• I have set myself to write 6 books that represent the 20th century of U.S. history creating historical characters that had little voice up to now. I do so not to be part of the “me,too” movement. Not for some high er cause. I am not arrogant enough to think I have something to say that hasn’t already been seen. It is an exercise. I love getting into the minds of my characters and have them shape themselves in my mind. It’s an awesome feeling. To be so self-absorbed is dangerous. It is a high better than the best bottle of wine I could buy.
            I was thinking about speculative fiction this morning. Also predicting in my my mind the natural tendency as one gets older we become nostalgic for the past because it was comforting. Today I feel old-fashioned and not a part of what entertains most people. I feel most days like an imposter or outdated. So the novels I write are comforting because they aren’t about today but of a previous time. I do believe all ages of time have universal themes. When I write about the past, I feel connected to the present. Did that make sense?
            Anyway, I will happily look at your video when I have a break later on. 🙂

          • thre are so many things to be said that havent been seaid before..not to mention all the things that have been said and forgotten. just like no two snowflakes are the same, there is an infinite variety of shapes, every birth is the beginning of a new universe.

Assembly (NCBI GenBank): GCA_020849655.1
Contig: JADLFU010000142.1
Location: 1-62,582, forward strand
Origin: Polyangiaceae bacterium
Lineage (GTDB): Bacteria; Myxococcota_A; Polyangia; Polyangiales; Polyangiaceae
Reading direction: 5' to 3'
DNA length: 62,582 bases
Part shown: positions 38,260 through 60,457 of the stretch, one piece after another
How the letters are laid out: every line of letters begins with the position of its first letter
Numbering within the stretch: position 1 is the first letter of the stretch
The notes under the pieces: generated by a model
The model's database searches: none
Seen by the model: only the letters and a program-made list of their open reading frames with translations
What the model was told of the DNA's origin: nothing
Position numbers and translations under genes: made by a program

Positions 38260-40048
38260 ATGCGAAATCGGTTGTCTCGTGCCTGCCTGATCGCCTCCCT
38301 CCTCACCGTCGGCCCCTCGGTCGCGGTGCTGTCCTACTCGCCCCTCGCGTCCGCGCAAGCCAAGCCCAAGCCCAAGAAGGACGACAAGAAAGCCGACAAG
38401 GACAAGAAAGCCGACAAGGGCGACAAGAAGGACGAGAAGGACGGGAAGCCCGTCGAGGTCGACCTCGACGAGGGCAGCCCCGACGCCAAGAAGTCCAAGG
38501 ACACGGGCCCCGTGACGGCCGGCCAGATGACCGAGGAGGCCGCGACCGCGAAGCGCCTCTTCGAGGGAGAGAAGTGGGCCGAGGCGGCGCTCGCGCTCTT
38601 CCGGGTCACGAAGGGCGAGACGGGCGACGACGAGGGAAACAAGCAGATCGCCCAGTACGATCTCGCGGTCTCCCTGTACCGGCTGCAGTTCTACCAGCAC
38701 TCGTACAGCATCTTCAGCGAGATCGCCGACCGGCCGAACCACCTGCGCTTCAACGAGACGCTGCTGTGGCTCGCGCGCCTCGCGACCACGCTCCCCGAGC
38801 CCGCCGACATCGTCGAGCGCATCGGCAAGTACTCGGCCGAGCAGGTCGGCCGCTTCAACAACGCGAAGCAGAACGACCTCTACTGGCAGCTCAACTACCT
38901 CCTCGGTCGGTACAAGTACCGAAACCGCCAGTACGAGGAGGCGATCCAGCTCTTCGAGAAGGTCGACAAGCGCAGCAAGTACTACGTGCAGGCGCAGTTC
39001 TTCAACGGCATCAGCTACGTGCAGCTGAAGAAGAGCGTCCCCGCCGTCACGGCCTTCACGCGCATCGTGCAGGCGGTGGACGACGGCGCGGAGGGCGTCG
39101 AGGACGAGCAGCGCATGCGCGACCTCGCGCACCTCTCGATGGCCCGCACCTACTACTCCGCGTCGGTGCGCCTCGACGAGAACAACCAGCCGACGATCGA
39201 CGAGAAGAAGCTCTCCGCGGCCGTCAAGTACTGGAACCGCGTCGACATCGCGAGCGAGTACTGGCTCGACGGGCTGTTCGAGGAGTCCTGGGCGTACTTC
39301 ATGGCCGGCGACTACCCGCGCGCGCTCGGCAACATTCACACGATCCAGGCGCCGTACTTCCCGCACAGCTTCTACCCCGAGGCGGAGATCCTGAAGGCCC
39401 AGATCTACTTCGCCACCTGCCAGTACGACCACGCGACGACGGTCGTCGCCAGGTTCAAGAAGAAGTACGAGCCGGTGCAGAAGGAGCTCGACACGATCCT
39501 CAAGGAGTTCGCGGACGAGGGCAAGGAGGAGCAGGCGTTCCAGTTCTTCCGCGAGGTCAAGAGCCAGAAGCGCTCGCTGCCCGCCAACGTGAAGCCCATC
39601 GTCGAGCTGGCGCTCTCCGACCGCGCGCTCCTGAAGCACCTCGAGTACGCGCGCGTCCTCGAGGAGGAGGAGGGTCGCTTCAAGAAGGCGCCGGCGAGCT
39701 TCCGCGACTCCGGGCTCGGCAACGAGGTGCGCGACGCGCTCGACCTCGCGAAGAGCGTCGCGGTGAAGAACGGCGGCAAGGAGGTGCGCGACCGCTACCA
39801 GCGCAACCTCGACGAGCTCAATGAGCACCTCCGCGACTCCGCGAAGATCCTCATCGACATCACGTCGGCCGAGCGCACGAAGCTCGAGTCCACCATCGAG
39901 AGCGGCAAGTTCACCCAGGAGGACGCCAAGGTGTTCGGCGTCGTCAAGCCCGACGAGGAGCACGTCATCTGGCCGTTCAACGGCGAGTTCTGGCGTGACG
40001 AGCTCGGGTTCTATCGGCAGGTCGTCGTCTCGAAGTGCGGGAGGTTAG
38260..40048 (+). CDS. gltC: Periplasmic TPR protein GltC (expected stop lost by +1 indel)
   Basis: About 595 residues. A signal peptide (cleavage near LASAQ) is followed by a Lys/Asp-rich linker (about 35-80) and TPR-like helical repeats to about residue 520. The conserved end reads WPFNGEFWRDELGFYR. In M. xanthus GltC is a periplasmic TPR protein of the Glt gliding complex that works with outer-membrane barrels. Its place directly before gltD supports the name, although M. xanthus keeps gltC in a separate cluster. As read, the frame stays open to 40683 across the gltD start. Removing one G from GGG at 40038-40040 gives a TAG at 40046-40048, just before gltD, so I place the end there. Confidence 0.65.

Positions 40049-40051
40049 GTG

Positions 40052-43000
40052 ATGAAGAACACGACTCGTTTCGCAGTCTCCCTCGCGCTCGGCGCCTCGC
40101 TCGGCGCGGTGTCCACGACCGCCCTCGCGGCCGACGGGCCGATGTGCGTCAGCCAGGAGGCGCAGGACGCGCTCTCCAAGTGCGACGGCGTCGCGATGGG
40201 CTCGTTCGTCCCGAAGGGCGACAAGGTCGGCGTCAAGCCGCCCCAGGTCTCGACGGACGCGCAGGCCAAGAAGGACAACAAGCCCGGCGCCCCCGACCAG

• i think a better example and more to the point of your interest might be the difference between my paid work as a film critic and, after the newspaper folded, the work i did without pay along with other former writers for the paper who wanted to keep it alive. when i wrote for pay, everything was on assignment. even when i had nothing to say about a film, i had to produce a certain word count. even when i was enthusuastic about something, there was little room for me to express my own views, as the format of the review was severely limiting. and finally, misleading headlines were written by a headline writer and editors and someties even proofreaders altered my meaning. so that sort of writng has nothing to do with art. but when i was free to write what i wanted, how i wanted, without any restraints, my writing on film, while not art, arose from an artistic temperament, a compulsion, and raal engagement. although my readership swindled from 250,000 to less than a hundred, i felt i was actually communicating with more people,

          • Interesting. Your life is authentic and I admire that. I chase after money and will jump through hoops because I’m dutiful. But it takes away and distracts my time from the creative process. I can’t stand it. If I had a dollar everytime I felt like running away and hiding out in a motel room for a few months so I can write without distractions, I’d be a millionare. To be an artist is one of the more selfish things to be. I can’t turn my back on loved ones.
            I can’t wait to retire in six years so my day is free. I only hope I’ll be alive. There’s so many projects in my mind and so many genres to play around with. Sigh.

  7. When I first saw King Kong I said to myself, “just what we need, another actor coasting by on her looks!” After watching Frances and Tootsie, I had to eat my words. One of my all-time favorite actors! Frances, Tootsie, Country, Sweet Dreams, etc., I can’t pick one. She’s always great! She even stole American Horror Story from her co-stars…